Class 10 Chemistry (India)
Metals, on being burnt in air, react with the oxygen to form metal oxides. Created by Ram Prakash.
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- As food is kept (ex.chips) in Nitrogen(Stable form) filled packets/containers to prevent rancidity( basically oxidation), can metals like Na and K be kept in containers filled with N2?(6 votes)
- Yes of course sodium can be kept in containers filled with nitrogen gas, but making those type of container is a little messy process, so we usually keep them submerged in kerosene.(5 votes)
- can mercury oxide be formed on heating mercury at room temperature or any temperature?(6 votes)
- Mercury Oxide (Hg2O) can be formed by heating Mercury at a temperature of about 350°C in oxygen.(3 votes)
- does temperature play a role speed of reaction ?(3 votes)
- does platinum react with oxygen to give an oxide too?(2 votes)
- METALS + O2 - METAL OXIDES
CuO + O2 - CuO (black oxide)
Sodium & Potassium - kept in kerosene ( highly reactive with O2 )(1 vote)
- what is calcium's place in that table5:10(1 vote)
- is platinum a noble metal?(1 vote)
- Yes, it is. Noble metals include: gold, platinum, palladium, silver, rhodium, and ruthenium.
Aiming to aid, hoping I did.(1 vote)
- It has been said in the video that copper doesn't burn. But, we see that copper burns with green flame.(1 vote)
- Here, we're simply heating Copper. Heating Copper does NOT lead to it's burning. It just reacts with Oxygen in air to form Cuprous Oxide.
However, for Copper to catch fire it needs to be either burnt with flames or it needs to participate in a highly exothermic reaction...
Hope it helps!(1 vote)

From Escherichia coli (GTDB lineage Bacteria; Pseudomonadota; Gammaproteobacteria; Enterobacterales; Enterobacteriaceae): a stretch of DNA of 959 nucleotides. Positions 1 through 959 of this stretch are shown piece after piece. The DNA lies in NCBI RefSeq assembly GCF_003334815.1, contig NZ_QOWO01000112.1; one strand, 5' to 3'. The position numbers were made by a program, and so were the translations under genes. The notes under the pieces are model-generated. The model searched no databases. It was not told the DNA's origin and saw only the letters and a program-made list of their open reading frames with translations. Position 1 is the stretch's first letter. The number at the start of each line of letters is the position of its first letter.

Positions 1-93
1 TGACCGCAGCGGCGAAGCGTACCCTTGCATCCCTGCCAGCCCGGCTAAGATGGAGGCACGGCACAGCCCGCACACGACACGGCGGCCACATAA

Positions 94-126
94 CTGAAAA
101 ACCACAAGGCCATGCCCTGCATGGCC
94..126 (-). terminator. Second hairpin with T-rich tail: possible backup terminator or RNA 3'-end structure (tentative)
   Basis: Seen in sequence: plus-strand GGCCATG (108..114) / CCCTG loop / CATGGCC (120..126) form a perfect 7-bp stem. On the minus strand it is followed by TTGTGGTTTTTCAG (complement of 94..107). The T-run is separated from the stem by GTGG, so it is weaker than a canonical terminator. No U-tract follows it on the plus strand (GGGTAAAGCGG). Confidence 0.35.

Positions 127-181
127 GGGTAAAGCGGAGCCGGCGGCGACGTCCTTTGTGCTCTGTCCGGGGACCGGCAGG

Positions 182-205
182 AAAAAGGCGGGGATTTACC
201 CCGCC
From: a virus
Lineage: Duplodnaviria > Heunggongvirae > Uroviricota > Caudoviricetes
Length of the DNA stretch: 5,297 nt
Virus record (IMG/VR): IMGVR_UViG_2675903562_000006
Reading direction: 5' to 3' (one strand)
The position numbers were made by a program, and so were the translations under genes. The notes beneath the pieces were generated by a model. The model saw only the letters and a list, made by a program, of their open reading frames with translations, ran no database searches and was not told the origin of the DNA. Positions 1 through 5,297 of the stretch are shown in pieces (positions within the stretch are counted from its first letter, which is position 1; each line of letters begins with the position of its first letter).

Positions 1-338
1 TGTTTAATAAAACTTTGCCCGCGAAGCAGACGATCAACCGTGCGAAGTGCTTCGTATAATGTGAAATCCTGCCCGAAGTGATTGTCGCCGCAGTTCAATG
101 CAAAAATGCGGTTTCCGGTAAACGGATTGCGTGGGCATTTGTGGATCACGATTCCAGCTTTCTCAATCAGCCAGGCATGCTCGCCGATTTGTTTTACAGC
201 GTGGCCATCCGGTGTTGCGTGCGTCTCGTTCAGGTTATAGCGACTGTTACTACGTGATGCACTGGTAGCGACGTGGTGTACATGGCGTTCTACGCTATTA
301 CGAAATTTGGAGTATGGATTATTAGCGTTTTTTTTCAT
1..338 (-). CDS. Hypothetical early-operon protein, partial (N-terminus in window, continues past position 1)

we humans have been curious about ranking things for example we have ranking of our cricketers based on their scores we have ranking of our superheroes based on their strength so this should not be a surprise that we wanted to rank our metals depending on the reactivity from most reactive metal to least reactive metal and for this we did some experiments and in this video we are going to burn metals to rank them basically if a metal burns vigorously or explosively then it is going to be more reactive whereas if a metal burns weakly then it's going to be less reactive so let's do that but before doing that let's see what happens chemically when a metal burns in air so we have seen earlier that if we take a shiny piece of magnesium ribbon and we burn it then we are left with a white powdery substance now see what's happening here is the magnesium atoms when they are burnt they combine with the oxygen molecules present in the air and they form magnesium oxide which is white in color mg plus O 2 gives mg o now if we take another example like copper which is also a shiny metal and if we heat it in air the color changes to black now what's happening here is that copper atoms they are combining with the oxygen molecule of the air and forming copper oxide which is the black color substance that you see so as a general thing you can notice that when metals are being burnt or heated in air their atoms combine with oxygen and form oxides whether you take aluminium or iron or sodium most of the metals they will combine with oxygen to form metal oxides most of the metals almost all because there are certain exceptions like gold and silver see gold and silver how much so ever you heat them they are not going to combine with oxygen we will not get oxides of silver and gold being form and that's why we say almost all metals combined with oxygen to form metal oxides so with this let's try to rank our metals according to how vigorously or how weakly they react with oxygen so first let's begin with sodium if you heat sodium in open-air it will catch fire and start burning very vigorously we will have a vigorous reaction in fact this can even become explosive in nature so be very careful while carrying out this reaction in fact we don't even need to heat it just keep it out in the open air and it might react automatically with oxygen and catch fire that's why we never keep sodium in the open we store it by dipping inside kerosene so it never comes in contact with air or water and just like sodium potassium is also very reactive its reaction with oxygen is also very vigorous in nature so these are the two top most reactive metals that we have next we have magnesium we have already seen that when we burn magnesium it catches fire and it burns with a dazzling white flame so it is also very reactive but in comparison to sodium and potassium it can only come second it's no match for them now next up I have metals such as aluminium zinc iron and copper now all of them react in a similar fashion with oxygen to form their oxides and that's why I have grouped them together in a single box it's pretty hard to actually tell which one among them is more reactive and their reaction is not as vigorous as sodium or magnesium and that's why I've put them at a third rank now even among them aluminium zinc and iron they will burn and react with oxygen to form their oxides whereas copper it does not burn it will get hot and then it will react with oxygen to form copper oxide whose color is black and that's why you will see a color change from copper - black color okay with this I have listed out few of the metals that will react with oxygen to form oxides now after this we have metals such as gold and silver now these two metals on being heated up they do not react with oxygen doesn't matter how much so ever you heat them there will be no reaction happening that's why these metals are called noble metals or peaceful metals these are the least reactive in our list so this is our list of reactivity here the metals sodium and potassium are most reactive then we have magnesium then we have these metals aluminium zinc iron and copper we are not sure which one is more reactive among them and then at last we have gold and silver now before we wrap up the video let me tell you one interesting fact see few of these metals they can react with oxygen and form oxides even at normal temperature without being heated up for example if I take a piece of aluminum metal and I leave it outside for some time now the outermost atoms the ones that are in contact with air they can react with oxygen and form oxide even at room temperature even at normal temperature something like this and they will form a protective layer a layer of oxide over this metal so what will happen is this layer will prevent the innermost atoms from reacting with oxygen because now oxygen cannot go through it and come in contact with the innermost atoms right so in one sense we can say that the outermost layer it sacrifices itself by reacting with oxygen and therefore it prevents or safeguards the innermost atoms from reacting with oxygen and this happens with many metals like magnesium zinc sodium they all will have a layer of metal oxide on top of them in this video we wanted to rank the metals in the order of their reactivity for this we reacted the metals with oxygen let them form oxides now depending on how vigorous the reaction was we put them in this particular order but there was a problem with this particular process see we did not get a detailed enough list for example if you look at position number three we have for metals clubbed for this particular position we can't detail them further enough right over here we have two metals grouped together over here we have two more metals grouped together so for this purpose we will be carrying out more reactions in future videos we will be reacting metals with water will be reacting metals with acid and with more information we will be detailing this list out